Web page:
How we spend our money; what our fantasies, desires, fears, and needs have been; commercials taught us about new technologies; and which products and trends lasted and which have nt. Commercials taught us how to use disposable bladed; how to have “Kodak moment”; it gave us advice to “Just Do It”. Television is a vehicle for our fantasy and imagination. It is not a way of life. Many children sit for hours at a time, mindlessly channel surfing their way through life, as opposed to living it. Children need to be taught that the television, just like every other appliance in the home, has a specific function.
For example, we do not leave the hair dryer on once our hair is dry, or the toaster on once the toast has popped up. We recognize the specific uses of these appliances and know when to turn them off. I think children need to be educated about television in order for them to determine what is of real interest to them, and what is not. Television is pervasive and powerful. It is hard to mentally shield ourselves from their numerous and persuasive ways when advertisers know too much about us for our own good. Commercials has accumulated statistics about our daily life.
One toothpaste commercial stated, “Did you know that twenty-five percent of all food is eaten between meals. ” Or a shoes commercial informs us that, “The average person spends over six hours a day standing on their feet. ” Commercial have even gotten a grip on how our brain thinks and sees. They know that shoppers will pick up a package with a picture on it faster than a package with only a simple design. And that we are more likely to buy a round package over a square one. Our fear that the commercials can make us think and buy anything they want proves to be somewhat scary.
These constant bombardments of half factual information surrounds us no matter where we turn, intruding into our communication, our streets, and our very home. It is designed to attract attention, give advice, to change attitudes, an to command our behavior. The people and scenes of TV commercials resemble actors and actresses of TV drama; they are better looking, better dressed, and have an income better than the average person. The message behind most commercials is to persuade viewers to buy a particular brand of merchandise and preach the value of physical beauty, health, high status and well-being, if they use their product.
Advertising teaches us to take pride in our outer appearances and in the way we present ourselves to others. Television constantly bombards us with commercial of ways to enhance our appearance. Maybeline, L’oreal, Pond, Clinque, Cover Girl, and Noxema are major corporations of cosmetic products, and their main target is teenage girls. The majority of girls during their maturing stage are vulnerable because they are embarrassed, and self-conscience of the development their bodies are going through. I was a victim once of the Noxema commercial.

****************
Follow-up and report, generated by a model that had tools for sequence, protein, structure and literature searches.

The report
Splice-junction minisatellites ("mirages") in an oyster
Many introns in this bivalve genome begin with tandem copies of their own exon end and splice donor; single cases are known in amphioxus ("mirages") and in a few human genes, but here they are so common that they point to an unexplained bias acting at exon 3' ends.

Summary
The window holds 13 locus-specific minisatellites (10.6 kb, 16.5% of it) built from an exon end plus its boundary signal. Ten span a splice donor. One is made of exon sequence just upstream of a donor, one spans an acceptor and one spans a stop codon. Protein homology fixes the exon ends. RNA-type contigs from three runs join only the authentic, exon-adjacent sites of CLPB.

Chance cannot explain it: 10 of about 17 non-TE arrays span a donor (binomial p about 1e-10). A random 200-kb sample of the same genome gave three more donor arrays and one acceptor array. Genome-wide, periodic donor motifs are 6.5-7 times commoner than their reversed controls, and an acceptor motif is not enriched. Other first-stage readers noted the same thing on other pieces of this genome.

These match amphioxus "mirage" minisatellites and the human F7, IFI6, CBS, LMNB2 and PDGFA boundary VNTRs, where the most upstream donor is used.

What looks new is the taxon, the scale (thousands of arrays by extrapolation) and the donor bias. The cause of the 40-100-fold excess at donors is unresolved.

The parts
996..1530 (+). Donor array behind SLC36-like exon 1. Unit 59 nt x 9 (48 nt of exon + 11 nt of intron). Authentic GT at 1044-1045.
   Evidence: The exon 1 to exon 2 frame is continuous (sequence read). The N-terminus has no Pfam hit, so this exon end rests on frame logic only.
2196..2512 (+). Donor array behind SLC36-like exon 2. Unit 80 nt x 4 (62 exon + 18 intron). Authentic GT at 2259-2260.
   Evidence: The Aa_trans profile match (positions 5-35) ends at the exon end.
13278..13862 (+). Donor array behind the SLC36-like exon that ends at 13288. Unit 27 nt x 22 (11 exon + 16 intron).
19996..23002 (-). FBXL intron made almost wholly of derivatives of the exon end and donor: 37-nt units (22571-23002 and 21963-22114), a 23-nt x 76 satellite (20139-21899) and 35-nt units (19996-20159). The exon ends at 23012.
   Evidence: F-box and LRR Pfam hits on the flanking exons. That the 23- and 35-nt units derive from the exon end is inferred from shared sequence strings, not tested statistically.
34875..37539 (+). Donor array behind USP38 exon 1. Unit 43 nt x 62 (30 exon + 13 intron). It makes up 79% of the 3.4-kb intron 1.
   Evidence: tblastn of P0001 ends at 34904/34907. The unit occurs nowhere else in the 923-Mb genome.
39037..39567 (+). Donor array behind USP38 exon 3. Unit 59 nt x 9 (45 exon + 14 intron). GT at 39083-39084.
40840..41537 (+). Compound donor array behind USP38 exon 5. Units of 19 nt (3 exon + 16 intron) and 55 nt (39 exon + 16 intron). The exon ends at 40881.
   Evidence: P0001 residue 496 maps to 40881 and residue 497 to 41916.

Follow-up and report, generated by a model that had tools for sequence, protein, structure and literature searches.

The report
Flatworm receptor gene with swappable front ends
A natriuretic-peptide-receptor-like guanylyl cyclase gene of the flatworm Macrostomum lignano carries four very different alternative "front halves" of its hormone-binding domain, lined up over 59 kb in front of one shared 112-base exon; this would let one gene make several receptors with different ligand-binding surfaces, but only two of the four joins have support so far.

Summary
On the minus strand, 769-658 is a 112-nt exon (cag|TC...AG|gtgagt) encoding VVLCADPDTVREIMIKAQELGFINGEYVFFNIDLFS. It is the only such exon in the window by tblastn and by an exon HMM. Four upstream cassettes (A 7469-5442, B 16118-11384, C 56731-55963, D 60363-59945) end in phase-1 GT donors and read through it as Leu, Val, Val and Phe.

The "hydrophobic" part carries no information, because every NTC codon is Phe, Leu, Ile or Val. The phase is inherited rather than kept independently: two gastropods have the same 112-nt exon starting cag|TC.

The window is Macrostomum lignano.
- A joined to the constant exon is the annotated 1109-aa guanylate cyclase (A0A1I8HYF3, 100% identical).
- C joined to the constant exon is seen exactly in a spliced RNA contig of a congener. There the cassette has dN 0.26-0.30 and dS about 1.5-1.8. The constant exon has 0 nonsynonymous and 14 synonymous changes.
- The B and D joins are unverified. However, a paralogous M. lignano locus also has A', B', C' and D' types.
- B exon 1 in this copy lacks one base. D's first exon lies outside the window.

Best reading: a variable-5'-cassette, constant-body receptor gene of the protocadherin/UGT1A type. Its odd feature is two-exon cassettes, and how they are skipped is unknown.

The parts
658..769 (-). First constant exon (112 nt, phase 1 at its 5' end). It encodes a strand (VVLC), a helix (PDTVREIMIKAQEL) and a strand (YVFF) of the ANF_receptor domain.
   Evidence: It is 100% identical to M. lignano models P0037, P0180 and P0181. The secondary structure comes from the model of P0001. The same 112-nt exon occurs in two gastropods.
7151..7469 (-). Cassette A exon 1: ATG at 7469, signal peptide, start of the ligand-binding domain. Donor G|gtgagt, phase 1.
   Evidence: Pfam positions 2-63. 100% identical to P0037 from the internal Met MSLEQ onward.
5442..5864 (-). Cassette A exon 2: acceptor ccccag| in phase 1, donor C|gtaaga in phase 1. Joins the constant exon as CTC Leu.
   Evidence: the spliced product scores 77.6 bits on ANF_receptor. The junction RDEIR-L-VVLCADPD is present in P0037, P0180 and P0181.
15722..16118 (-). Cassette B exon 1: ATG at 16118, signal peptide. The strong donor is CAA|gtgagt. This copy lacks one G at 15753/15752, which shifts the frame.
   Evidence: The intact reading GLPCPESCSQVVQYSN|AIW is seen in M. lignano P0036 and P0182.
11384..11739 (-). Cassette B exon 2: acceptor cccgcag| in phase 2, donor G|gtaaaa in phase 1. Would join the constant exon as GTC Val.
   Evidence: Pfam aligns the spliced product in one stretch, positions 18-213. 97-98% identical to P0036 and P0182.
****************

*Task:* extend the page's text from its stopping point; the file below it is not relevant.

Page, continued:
The set up was a beautiful girl; most of you know her as the Noxema girl getting ready for a date. She squeezed a dot-size amount onto her palms, and worked into lather. Then she massaged it onto her face, and splashes it away with water. Later it shows her with a handsome guy as he was gently caressing her face, commenting on how soft it is. I did not believe the part about the guy, but I wanted to have her skin. Her skin was soft, radiant, and it has this warm romantic glow to it. I save up my measly two weeks allowance and went to Payless to buy myself a this amazing product advertised on TV.
Each morning, I washed my face like the Noxema girl did on the commercial. The first time I used it, my cheek turned really red as if I had a rash. Even with the side effect, I continue to use it for the next couple of days, making myself believe that my skin has improved. Like most teenage girls and guys, I had an acne problem. I was desperate, and I would try anything to relieve myself of the embarrassment, and the humiliation of my imperfect complexion. Advertisements also offer constant reminders of the possessions that we don’t have and of the envied privileges of those who do have them.
Ads exert a persistent pressure to acquire more things and therefore a pressure to work harder to earn money in order to acquire what we want, but not what we need. People who feel personally inadequate from their achievements, advertisements may have a different effect, fostering the idea that possessions are so important that they must be acquired by any means. Advertisers try to convince people that buying a certain product will fulfill their higher needs. Since one of our many desires is to be a part of a group, commercials often suggest that their product will ensure friendship or acceptance be a group.